Designing the Avant-Garde Workplace

Koray Malhan, chief design officer at Koleksiyon, takes us behind the scenes of the design process for the next generation of office amenities.
Koray Malhan, Chief Design Officer, Koleksiyon
Koray Malhan, Chief Design Officer, Koleksiyon

As office design continues to evolve, innovative seating and alternative solutions that help companies reduce their footprint—and real estate costs—are much in demand. New ideas are emerging from international designers like Turkish furniture manufacturer Koleksiyon now sharing its avant-garde perspective in North America at showrooms in New York and Chicago. Since entering the U.S. market in 2015, the Istanbul-based brand has gained market share in the commercial furniture market, stunning peers, architects and their commercial real estate clients with solution-based products that cross boundaries.

For more than 40 years, Koleksiyon has been developing high-end furniture products for workplace, hospitality and residential settings. Koray Malhan, Koleksiyon’s brand and design director & chief design officer, supervises the development of the company’s projects as well as its frequent collaborations with international designers. We recently caught up with Malhan for his views on what’s new in the field.

Tell us about your new Chicago showroom in the Merchandise Mart.

Malhan: The Chicago showroom is Koleksiyon’s third permanent U.S. location in addition to showrooms in New York City and Dallas. The Koleksiyon showroom is located on the 11th floor of the Merchandise Mart where we feature a variety of Koleksiyon products and collections in a sophisticated and fluid manner. We highlight the brand’s focus on collaborative workspaces—replacing “me spaces” with “us spaces.” Our concept for the space is tied to the idea that workplaces are similar to cities where more and more spaces are communal.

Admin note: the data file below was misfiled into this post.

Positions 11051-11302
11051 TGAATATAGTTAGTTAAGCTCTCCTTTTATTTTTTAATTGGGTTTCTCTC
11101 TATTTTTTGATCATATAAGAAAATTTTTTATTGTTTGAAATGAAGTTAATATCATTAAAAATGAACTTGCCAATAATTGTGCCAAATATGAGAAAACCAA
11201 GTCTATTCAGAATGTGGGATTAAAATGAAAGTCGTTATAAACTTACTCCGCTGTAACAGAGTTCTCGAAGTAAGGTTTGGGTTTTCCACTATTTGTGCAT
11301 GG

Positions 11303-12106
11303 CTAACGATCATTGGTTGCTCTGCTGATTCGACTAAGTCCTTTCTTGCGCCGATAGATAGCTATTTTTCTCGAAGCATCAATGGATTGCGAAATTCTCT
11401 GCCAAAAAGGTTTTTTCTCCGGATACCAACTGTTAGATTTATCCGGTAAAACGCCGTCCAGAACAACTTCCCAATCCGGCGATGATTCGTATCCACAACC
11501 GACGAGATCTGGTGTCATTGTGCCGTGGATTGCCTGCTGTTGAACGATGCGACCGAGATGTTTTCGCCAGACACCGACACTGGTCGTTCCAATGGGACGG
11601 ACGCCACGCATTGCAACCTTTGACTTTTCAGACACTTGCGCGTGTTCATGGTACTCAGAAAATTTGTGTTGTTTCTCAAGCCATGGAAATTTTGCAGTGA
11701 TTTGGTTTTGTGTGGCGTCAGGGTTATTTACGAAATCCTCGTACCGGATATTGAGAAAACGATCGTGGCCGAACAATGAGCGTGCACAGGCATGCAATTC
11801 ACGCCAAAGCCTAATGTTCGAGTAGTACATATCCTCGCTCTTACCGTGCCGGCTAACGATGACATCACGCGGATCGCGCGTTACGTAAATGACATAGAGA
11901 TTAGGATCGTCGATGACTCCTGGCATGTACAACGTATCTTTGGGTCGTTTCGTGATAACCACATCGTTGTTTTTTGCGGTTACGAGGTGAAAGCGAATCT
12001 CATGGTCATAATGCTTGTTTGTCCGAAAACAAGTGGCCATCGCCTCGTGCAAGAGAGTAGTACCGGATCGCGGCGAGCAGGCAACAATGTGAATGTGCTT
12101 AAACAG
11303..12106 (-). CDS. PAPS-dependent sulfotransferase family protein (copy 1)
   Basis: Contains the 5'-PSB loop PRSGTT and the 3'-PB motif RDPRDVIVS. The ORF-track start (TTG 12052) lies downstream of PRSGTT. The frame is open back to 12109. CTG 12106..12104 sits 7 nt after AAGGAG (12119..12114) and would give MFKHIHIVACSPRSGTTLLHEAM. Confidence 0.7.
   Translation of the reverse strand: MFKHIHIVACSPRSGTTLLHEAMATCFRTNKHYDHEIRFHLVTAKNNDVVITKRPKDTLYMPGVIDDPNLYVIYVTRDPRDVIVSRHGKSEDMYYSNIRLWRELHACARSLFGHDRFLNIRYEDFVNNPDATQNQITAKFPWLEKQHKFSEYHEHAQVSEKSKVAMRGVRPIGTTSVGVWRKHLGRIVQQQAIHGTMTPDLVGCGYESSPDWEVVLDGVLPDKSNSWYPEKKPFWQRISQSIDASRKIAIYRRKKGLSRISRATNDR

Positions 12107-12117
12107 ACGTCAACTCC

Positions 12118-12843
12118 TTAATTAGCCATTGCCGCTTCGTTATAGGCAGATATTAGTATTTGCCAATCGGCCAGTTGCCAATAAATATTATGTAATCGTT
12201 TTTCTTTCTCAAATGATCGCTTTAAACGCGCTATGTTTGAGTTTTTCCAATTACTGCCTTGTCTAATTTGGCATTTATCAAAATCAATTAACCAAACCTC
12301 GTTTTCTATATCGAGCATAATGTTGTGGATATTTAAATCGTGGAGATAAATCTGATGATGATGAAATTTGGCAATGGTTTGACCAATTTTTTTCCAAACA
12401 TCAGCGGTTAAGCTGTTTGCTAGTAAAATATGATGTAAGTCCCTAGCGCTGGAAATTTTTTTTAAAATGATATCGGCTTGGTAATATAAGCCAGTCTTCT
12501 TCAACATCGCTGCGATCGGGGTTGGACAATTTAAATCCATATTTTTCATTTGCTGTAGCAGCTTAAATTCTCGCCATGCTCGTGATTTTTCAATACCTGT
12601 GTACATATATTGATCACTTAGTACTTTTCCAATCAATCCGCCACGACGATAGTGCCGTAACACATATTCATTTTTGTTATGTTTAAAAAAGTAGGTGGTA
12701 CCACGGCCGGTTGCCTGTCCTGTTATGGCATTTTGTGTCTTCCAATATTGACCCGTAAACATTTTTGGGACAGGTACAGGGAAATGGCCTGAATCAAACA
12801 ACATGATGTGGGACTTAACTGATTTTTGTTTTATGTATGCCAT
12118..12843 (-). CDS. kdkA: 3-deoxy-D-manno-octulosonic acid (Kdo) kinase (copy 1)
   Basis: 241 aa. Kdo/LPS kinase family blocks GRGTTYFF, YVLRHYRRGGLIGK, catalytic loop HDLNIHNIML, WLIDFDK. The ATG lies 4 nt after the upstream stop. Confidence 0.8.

As more traditional office spaces move into open-concept work environments, furniture designers are tasked with creating the most innovative pieces that facilitate the fluidity of moving between private and open stations. Koleksiyon designs contemporary products that offer both private and open workspace solutions for various workstyles.


What did you introduce at NeoCon 2018?

Malhan: Koleksiyon is passionate about contemporary work culture and we were honored to participate in NeoCon 2018. It was our fourth time there. Koleksiyon is solving workplace issues with unique and innovative desk systems, shelving units, storage pieces and other offerings. Our workplace product portfolio in the U.S. market is driven by global influences. The portfolio we presented at NeoCon is also designed for Europe, including the United Kingdom, as well as Asia Pacific, parts of the Middle East and UAE regions, and these offerings are available through our many dealers.

This workplace product portfolio looks at the demographics of the evolving working society as a whole, without geographical or cultural differences. In fact, we concentrate more on the similarities of each region than their differences. Therefore, the new tendencies seen globally in today’s work culture guide our design propositions, helping us to create a wide spectrum of offerings for all the areas of today’s work habitat.